Another (fortunately mostly gone) trope of early games is that they often allowed players to put games in unwinnable states, and Tass Times suffers from this problem, too. In one of the most egregious examples, there’s an object hiding inside Gramps’ cabin in the beginning of the game that is necessary to complete the game. If you fail to find and obtain it, there’s no way to return to the cabin from Tonetown once you realize you need it, and you don’t know it’s required until literally the last scene of the game. That’s not very tass at all.

As a kid, the unfairness of the game didn’t affect me. To me, Tonetown represented a future I wanted to explore and be a part of, even if it was only virtual. I was a member of the MTV generation, and assumed by the time I was an adult every building would be lit by pink and blue neon, everyone would be wearing outfits made from aluminum foil with matching asymmetrical sunglasses, and my doctor would have a purple mohawk. Using guitar picks for currency didn’t sound bizarre to me. It sounded awesome!

No review of Tass Times in Tonetown would be complete without mentioning the origin of the word “tass,” a derivative of the word “Vertias,” Latin for “truth.” “Veritas” happened to be the motto of Harvard University, where the game’s designers Michael Berlyn and Muffy McClung-Berlyn were employed. Over time, “Veritas” morphed into “very tass,” which students began using to mean “very cool.” The “very cool” world imagined by the Berlyns was brought to life by the gifted and legendary programmer, Rebecca Heineman.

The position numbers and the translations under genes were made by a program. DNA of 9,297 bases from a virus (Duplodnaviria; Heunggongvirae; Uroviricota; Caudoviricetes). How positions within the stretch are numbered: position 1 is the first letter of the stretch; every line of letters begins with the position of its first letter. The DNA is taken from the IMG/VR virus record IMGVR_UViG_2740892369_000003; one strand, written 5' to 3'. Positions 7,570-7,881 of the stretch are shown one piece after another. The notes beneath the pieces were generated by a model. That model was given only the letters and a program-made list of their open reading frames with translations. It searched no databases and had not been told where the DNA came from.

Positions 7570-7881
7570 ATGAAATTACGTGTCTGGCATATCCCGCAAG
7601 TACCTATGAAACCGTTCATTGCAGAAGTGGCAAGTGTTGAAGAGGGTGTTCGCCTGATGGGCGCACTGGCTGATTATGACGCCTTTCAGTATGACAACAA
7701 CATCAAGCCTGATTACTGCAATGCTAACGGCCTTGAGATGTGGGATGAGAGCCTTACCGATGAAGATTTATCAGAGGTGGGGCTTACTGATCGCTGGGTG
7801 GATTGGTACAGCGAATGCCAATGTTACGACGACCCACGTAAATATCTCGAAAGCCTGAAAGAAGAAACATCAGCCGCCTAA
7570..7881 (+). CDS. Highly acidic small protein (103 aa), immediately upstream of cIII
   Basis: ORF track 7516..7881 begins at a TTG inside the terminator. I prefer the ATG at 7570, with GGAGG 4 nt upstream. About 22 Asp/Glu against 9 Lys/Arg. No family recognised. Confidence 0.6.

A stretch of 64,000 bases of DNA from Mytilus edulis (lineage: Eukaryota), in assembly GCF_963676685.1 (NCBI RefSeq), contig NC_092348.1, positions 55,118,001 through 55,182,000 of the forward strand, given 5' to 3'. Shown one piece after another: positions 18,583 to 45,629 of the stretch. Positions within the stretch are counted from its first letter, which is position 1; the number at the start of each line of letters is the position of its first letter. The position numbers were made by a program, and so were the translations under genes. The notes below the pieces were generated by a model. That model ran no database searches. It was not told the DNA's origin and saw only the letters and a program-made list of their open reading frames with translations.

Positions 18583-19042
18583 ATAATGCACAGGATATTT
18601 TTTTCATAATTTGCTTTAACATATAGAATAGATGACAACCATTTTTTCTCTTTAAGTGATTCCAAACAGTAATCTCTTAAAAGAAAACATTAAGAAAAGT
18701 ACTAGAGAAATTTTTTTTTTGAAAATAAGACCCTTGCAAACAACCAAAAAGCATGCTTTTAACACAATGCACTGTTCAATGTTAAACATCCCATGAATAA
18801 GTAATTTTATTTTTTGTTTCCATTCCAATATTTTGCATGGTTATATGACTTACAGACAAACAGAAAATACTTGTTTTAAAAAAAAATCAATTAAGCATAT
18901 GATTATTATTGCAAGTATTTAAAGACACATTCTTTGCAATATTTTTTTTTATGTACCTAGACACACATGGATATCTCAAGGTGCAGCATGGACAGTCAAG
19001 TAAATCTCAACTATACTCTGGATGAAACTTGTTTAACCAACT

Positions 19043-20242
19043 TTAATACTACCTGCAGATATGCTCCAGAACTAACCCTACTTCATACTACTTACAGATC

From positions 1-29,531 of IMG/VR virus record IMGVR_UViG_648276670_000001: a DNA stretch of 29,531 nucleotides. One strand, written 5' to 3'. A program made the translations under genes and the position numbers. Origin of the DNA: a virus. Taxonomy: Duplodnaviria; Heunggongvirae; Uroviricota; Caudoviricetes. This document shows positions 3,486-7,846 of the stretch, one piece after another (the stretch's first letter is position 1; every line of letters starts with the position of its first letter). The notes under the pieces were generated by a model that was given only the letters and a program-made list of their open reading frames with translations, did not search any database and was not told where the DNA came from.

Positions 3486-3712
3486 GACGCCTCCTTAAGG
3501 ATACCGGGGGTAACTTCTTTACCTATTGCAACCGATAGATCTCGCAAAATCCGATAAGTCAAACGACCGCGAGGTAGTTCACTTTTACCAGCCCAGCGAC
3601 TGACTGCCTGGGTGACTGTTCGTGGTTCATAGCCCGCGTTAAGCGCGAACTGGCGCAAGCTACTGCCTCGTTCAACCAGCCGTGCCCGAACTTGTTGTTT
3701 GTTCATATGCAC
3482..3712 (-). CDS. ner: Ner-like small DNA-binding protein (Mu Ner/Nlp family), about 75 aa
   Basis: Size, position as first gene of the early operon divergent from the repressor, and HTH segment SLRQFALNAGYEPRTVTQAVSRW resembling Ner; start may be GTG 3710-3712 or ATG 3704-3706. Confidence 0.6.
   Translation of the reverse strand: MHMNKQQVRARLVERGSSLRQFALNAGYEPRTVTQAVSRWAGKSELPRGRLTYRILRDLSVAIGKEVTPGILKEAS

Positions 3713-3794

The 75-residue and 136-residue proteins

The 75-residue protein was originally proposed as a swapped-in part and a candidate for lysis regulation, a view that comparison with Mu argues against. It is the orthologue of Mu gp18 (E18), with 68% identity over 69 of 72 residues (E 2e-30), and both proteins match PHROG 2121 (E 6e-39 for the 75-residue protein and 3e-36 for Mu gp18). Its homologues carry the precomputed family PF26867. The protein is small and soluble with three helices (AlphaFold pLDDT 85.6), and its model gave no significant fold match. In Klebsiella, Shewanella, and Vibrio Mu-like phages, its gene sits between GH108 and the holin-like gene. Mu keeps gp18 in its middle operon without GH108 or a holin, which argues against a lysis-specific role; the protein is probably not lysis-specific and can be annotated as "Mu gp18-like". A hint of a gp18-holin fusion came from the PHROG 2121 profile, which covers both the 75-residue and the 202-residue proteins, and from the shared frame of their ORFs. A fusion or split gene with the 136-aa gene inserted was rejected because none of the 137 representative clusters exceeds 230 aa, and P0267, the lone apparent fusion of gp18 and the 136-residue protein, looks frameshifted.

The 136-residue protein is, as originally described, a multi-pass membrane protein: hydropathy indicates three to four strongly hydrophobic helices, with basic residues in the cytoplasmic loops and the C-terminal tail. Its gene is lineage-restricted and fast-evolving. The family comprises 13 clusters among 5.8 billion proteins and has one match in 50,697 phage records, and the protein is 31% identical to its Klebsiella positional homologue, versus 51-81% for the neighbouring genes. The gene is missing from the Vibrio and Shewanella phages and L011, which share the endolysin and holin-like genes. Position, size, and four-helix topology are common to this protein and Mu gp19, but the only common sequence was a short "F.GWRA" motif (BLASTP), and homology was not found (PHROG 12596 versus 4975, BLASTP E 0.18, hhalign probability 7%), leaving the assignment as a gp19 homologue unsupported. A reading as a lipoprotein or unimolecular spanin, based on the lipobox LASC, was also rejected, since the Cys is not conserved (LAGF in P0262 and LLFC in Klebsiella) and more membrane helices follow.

Some parts of the game’s engine work better than others. For example, some of the graphical icons are leveraged heavily while others (taking up a large portion of screen real estate) are rarely used. Every action represented by a graphical icon, including the compass, can also be typed directly into the parser. It’s as if Interplay came up with an interesting new graphical interface, but was afraid to go all in with it. That being said, it’s easy to forget that this game was born when genres were still being defined, and interfaces were constantly being tweaked. Many features, like the ability to click on and interact with objects in the graphical environment were pretty groundbreaking at the time. You can see the evolution of the game’s engine by playing the Interplay games released before and after Tass Times in Tonetown. Borrowed Time, released in 1985, uses a slightly less organized but similar interface that lacks graphical command icons but maintains the same basic layout. Neuromancer, released the following year, tightens up the layout, shrinks the size of the action icons and text bar, and incorporates animated graphical scenes that span the entire screen, moving away from the mostly still artwork used in Tonetown.

While the Amiga version of Tass Times in Tonetown gives players a glimpse into this fun futuristic world, it’s far from the free roaming experience modern gamers expect. The locations players can visit are actually fairly limited, and wandering off the intended path will get players killed sooner rather than later. Discovering who’s holding Gramps (and why) and defeating him is a rewarding experience, but like most adventure games, Tass Times in Tonetown holds almost no replay value. The Amiga version contains an opening song that’s missing from most other versions of the game, but sadly does little more to show off its dominance over other hardware platforms. Interplay did a good job of porting the game to multiple systems, but I wish they had spent a bit more time leveraging the Amiga’s power to make it stand out from the pack. Obviously the graphics and sound are better on the Amiga than most other platforms, but fall short of what the machine was capable of.

Tass Times in Tonetown is worth a visit, although I suspect modern gamers may find the game’s engine a bit frustrating and be put off by the frequent use of insta-kills. The game is a great example of what adventure games once were, and what people in the past imagined the future might look like.